You've taken a few calls and done your research to understand the prospect's company -- now tell him/her a little about yours. You have the prospect's trust, and you want to extend that trust to your company as well. Establishing your company as a reputable, innovative potential partner of the prospect's instead of a seller-buyer relationship adds another layer of rapport. The ticket here is not using some generic babble. If there are specific things about your company that you know align well, bring them up, and customize the conversation.
6) Give the Grand Tour
Pretend you own a fantastic mansion (and if you do in real life, good for you) and that you're showing guests around for the first time. You're going to start at the entrance and work strategically around. You’re going to avoid that messy room down the hall, and save those extra-amazing features such as your state-of-the-art in-home theater and the special room that offers a panoramic view of the city. Apply this logic to the product you are demoing: Be specific and tactful in what you show, why you show it, and what you say.
Start with an overview. Explain overall why this product exists, and link it to the prospect’s needs confirmed by the GPCT. Each feature you demo should tie back into this idea of "why this product is perfect to solve your problem." Start with the basics -- these may overlap between your products and competitors' -- the parts that solve for a chunk of the problem.
Then bring in the wow factors. Answer the question, "What unique value does your product provide me?" This is where personalization is key. For example, I would show a prospect looking to improve keyword strategy our Keywords tool -- which I would've filled out in advance with relevant industry long-tail keywords -- and then show how it ties into the Blogging tool to help increase keyword rankings. Link back to the plan you helped the prospect create during earlier conversations, and ask a tie-down question to ensure everyone is on the same page.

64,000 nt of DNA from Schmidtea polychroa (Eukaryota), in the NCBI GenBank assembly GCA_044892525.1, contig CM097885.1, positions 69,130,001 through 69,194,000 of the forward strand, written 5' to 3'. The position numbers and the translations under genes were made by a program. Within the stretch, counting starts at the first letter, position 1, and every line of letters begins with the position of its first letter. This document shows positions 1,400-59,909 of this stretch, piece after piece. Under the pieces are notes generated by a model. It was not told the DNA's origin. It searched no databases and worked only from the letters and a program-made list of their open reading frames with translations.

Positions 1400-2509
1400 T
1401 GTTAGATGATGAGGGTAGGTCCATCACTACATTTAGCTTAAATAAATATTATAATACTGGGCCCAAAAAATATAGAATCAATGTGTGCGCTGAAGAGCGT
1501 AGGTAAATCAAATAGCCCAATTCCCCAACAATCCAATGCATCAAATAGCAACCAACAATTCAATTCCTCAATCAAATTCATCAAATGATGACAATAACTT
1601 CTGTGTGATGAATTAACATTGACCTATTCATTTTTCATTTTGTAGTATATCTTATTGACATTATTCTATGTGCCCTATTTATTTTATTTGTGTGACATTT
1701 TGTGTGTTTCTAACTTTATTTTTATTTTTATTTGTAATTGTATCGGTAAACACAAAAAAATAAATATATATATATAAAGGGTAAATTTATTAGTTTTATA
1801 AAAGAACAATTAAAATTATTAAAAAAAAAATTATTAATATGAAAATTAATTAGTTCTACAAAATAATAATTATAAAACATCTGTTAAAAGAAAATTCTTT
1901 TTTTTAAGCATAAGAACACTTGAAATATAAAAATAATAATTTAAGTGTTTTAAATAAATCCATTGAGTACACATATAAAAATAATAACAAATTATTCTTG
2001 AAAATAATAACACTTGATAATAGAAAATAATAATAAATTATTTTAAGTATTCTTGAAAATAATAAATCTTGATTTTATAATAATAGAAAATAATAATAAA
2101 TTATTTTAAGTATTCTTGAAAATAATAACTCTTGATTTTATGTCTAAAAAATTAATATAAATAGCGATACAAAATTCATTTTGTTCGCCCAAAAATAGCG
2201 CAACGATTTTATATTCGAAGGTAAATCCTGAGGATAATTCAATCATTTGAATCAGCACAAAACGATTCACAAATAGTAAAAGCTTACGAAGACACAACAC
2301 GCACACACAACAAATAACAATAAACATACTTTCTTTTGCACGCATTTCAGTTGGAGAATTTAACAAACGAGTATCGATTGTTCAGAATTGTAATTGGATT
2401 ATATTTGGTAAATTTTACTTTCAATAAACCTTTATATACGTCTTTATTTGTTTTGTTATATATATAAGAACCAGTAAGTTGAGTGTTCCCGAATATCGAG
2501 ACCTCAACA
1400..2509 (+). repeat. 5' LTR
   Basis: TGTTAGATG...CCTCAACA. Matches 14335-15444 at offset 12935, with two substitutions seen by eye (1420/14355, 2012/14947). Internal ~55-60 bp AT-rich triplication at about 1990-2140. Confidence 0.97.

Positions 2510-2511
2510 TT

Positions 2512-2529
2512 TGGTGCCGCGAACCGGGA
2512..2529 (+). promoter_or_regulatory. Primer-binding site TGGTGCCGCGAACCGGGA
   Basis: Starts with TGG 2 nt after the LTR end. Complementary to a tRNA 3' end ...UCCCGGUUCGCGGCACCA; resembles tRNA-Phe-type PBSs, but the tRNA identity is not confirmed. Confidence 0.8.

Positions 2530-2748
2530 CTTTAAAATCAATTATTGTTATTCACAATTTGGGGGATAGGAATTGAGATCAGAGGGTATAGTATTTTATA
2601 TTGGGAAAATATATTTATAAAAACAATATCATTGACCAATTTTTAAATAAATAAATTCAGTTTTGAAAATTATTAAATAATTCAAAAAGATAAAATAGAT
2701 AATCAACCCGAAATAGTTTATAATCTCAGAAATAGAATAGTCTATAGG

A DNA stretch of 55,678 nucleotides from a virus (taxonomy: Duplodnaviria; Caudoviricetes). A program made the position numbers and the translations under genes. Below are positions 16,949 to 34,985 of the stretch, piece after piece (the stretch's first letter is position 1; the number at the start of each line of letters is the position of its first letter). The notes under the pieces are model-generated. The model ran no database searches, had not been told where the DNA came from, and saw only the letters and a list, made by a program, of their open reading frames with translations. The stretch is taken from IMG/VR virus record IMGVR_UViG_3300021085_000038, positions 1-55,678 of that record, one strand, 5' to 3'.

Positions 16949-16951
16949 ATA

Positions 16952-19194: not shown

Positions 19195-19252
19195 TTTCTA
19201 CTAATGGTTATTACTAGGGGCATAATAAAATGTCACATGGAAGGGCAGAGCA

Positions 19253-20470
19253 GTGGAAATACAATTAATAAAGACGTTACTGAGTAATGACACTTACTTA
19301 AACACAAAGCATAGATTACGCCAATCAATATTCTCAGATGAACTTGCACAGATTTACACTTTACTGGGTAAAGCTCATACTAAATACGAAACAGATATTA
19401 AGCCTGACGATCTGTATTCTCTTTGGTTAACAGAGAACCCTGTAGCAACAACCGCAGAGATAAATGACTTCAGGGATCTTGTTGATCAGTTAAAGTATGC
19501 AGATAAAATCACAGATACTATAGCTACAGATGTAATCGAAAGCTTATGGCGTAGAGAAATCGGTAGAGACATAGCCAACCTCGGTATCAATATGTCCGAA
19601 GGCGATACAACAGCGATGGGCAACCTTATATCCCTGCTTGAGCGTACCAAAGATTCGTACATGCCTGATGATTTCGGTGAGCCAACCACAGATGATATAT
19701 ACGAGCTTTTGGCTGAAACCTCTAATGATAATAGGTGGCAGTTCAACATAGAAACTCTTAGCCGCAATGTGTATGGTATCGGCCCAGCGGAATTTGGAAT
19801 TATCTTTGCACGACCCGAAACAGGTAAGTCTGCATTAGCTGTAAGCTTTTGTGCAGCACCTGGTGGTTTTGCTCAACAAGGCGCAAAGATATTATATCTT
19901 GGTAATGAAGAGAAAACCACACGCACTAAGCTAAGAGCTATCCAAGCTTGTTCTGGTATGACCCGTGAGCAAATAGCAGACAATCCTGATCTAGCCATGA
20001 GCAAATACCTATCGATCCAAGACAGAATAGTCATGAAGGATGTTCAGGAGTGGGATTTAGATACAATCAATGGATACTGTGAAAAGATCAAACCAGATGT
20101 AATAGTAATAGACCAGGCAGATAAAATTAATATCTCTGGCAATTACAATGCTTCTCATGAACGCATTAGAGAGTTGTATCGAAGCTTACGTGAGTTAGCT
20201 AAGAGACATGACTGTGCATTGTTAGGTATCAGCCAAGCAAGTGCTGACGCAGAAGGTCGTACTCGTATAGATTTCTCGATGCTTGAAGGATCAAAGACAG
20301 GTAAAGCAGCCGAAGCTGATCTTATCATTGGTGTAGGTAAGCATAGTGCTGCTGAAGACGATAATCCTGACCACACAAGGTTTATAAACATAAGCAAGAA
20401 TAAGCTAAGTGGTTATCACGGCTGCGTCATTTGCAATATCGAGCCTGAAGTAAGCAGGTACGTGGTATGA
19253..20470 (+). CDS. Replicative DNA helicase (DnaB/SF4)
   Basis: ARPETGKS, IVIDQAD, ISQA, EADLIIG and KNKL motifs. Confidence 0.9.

Furthermore, if your company provides excellent customer service to help with the onboarding process and beyond, milk it for all it's worth. Knowing help will be there when they need it does wonders to reassure a doubtful prospect since it provides a layer of cushioning in the prospect’s mind.
7) Address Questions
Always, always answer questions. If it is something that will be answered later in the demo, give a brief answer and state that you will go into more detail later in the demo.
Anticipate objections, and listen for the prospect's tone. Does he/she sound excited? Apprehensive? Curious? Confused? You need to be able to pick up on these nuances so you can frame your answers correctly. Pull out that extra infographic or show an example of a customer successfully solving the same problem using the same tools. Build social proof: Show that others have succeeded by partnering with you.
8) Set Expectations With Next Steps
Is the prospect interested in moving this conversation forward? It’s time to let him or her know upfront what is required on his or her end for this solution to be successful. For example, I might show a final slide that summarizes what we discussed in terms of the prospect’s commitment, skills, time, willingness to learn, and budget and begin a closing sequence.
The demo is to sales what the climax is to a movie -- this is the part where all the action has built up and resulted in one big moment where everything comes together … or falls apart. That's why it's so important to get the demo right. Take the time to prep, understand your prospect, and tie your product back to their needs. This way, you'll have much smoother sailing and a realistic likelihood of closing the deal and letting the credits roll -- while your audience walks away feeling like that was a great use of their hour.
Originally published Aug 7, 2015 8:30:00 AM, updated August 03 2017